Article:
If your recent restaurant dining involved a super-savory dish that made you drool or a salad dressing that knocked your socks off, the chef might have been using a secret ingredient: anchovies. These tiny cured fish pack a wallop of flavor in tiny amounts and because of that, chefs like to add them to everything from salad dressing to beef stew. You might be turning up your nose, thinking of those salty, shriveled bits on pizza. However, canned or cured anchovies are a totally different taste experience. That’s because they deliver umami—a taste that’s loosely defined as particularly “savory” (the other tastes are bitter, sweet, salty and sour). Umami is an mmm-inducing flavor with multiple layers. Give anchovies a try and wow the eaters in your home. Here are five ways you can use anchovies in obvious (and not so obvious) ways to pump up the flavor...read full post »
Imagine if there was a food (or category of foods) that could single-handedly lengthen your life.
Well, such a wonder food may actually exist.
A new study published in the prestigious New England Journal of Medicine (NEJM), showed that people who ate a 1-ounce serving of nuts seven or more times each week had a 20 percent lower death rate than those who didn’t eat any.
It’s important to note this was merely an observational study, and not one where researchers controlled which group of participants ate nuts (and how much) and then studied who lived longer. Yet the positive findings in this study support the abundance of other data demonstrating the health benefits of eating nuts, including lowering risk of heart disease, cancer and stroke.
For example, another recent study—this one published in Metabolism—showed men and...read full post »
For most purposes, an 8- to 10-inch chef’s knife is the perfect tool. Because the blade is wider at the base, it’s strong enough to cut through a winter squash and the tapered point makes it just the right shape for the rocking motion used to mince, slice and dice. When shopping for a new knife, there are three things to consider: how it feels, what the blade is made of and the way it’s constructed. Spend some time in a kitchen store and try a few out. The material the handle is made from does not necessarily indicate quality—so find one that fits comfortably in your hand. For a long-lasting, durable knife, opt for a high-carbon stainless-steel blade. And finally, look for a knife with a “full tang” blade, meaning it’s one piece of metal that extends from blade through the handle—the continuous piece offers the best stability when chopping and makes the knife...read full post »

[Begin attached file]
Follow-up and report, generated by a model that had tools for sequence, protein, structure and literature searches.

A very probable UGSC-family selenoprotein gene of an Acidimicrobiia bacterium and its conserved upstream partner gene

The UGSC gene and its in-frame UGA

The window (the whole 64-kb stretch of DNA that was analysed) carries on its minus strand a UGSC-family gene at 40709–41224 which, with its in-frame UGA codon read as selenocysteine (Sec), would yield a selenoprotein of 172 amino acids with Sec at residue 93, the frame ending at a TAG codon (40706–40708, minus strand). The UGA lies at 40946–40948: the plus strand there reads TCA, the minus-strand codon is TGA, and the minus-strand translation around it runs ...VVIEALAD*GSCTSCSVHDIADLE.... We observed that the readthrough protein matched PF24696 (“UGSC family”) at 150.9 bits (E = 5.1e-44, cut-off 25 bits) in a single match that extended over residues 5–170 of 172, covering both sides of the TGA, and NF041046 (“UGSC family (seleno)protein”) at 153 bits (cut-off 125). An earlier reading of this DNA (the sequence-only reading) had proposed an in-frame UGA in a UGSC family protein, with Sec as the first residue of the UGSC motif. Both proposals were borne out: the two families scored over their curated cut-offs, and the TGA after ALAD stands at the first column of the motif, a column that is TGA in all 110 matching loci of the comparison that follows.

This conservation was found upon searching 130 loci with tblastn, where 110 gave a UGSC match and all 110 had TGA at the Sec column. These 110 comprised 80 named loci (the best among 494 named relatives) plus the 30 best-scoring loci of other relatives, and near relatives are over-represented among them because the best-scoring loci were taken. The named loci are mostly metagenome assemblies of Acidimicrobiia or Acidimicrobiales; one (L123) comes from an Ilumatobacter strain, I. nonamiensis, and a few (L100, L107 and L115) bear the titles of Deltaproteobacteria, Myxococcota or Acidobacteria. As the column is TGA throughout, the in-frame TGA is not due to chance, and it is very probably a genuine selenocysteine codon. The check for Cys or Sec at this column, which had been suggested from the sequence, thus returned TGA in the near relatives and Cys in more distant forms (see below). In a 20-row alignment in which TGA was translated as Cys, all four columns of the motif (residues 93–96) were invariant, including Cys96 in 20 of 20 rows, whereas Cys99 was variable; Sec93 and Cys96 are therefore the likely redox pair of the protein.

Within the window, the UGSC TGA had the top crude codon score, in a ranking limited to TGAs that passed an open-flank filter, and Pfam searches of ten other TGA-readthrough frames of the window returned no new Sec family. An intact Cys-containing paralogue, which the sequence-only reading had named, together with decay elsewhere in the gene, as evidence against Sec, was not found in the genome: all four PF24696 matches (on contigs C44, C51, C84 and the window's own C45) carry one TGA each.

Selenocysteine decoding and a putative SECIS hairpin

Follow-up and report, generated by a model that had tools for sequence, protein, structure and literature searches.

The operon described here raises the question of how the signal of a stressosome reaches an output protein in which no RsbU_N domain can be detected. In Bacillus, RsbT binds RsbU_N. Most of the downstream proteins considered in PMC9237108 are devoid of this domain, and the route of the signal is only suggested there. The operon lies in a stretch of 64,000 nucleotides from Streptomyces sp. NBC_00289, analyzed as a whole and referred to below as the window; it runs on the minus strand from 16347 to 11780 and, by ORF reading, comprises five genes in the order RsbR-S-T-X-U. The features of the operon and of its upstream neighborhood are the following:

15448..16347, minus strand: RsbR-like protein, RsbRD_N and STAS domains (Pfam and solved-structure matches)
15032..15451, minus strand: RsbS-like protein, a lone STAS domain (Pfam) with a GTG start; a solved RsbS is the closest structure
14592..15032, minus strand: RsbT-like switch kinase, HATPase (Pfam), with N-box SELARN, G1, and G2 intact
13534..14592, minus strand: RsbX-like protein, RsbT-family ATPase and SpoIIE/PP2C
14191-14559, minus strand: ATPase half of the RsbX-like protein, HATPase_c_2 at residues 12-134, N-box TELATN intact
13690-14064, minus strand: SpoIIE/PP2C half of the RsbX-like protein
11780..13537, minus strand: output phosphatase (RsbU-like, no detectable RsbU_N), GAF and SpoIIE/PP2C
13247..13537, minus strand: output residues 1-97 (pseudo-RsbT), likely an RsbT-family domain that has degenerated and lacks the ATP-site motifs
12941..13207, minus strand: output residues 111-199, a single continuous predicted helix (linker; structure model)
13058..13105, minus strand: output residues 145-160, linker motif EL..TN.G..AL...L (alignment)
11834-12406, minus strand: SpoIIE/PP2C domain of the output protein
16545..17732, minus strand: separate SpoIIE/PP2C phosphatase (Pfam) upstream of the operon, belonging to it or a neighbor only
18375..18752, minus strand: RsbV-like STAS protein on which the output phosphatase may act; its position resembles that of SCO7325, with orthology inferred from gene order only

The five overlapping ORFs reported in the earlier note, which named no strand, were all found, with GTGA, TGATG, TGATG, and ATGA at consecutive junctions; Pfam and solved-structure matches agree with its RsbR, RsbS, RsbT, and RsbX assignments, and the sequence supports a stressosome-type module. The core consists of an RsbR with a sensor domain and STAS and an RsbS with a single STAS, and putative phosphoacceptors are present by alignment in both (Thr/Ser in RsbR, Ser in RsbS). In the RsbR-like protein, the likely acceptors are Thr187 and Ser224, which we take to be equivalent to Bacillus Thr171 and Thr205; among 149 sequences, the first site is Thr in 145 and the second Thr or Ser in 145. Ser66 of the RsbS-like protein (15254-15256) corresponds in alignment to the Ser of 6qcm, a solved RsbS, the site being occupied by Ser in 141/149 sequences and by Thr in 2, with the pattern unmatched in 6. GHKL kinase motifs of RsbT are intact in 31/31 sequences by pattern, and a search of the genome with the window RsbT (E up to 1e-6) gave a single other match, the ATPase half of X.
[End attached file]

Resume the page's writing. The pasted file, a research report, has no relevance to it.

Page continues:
As its name implies, krill oil is oil extracted from krill—tiny sea-dwelling crustaceans—and made into a soft-gel capsule. Krill are a rich source of DHA and EPA, omega-3 fats that promote heart and brain health and reduce inflammation.
Krill oil is often touted as a supplement superior to fish oil: preliminary research suggests that our bodies better absorb omega-3s from krill oil than from fish oil. In other words, you’d need a smaller dose of omega-3s if they’re coming from krill. But here’s the catch: to get enough omega-3s you’d still have to actually swallow more krill-oil pills than fish-oil pills, because the amount of DHA and EPA in a single krill-oil pill is typically much lower. And krill...read full post »
When you look the new January/February issue of EatingWell magazine, there are a couple things you’ll notice right away. First of all: 2014? Already? Then you’ll focus on the gorgeous photo of colorful cauliflower. If you think to yourself, “I love cauliflower—wish I had some new delicious recipes for it,” we can help. Here are some staff-favorite recipes from the issue.
Our January cover vegetable stars in four fabulous recipes by award-winning cookbook author Molly Stevens. They were a big hit with several members of the EatingWell staff:
...read full post »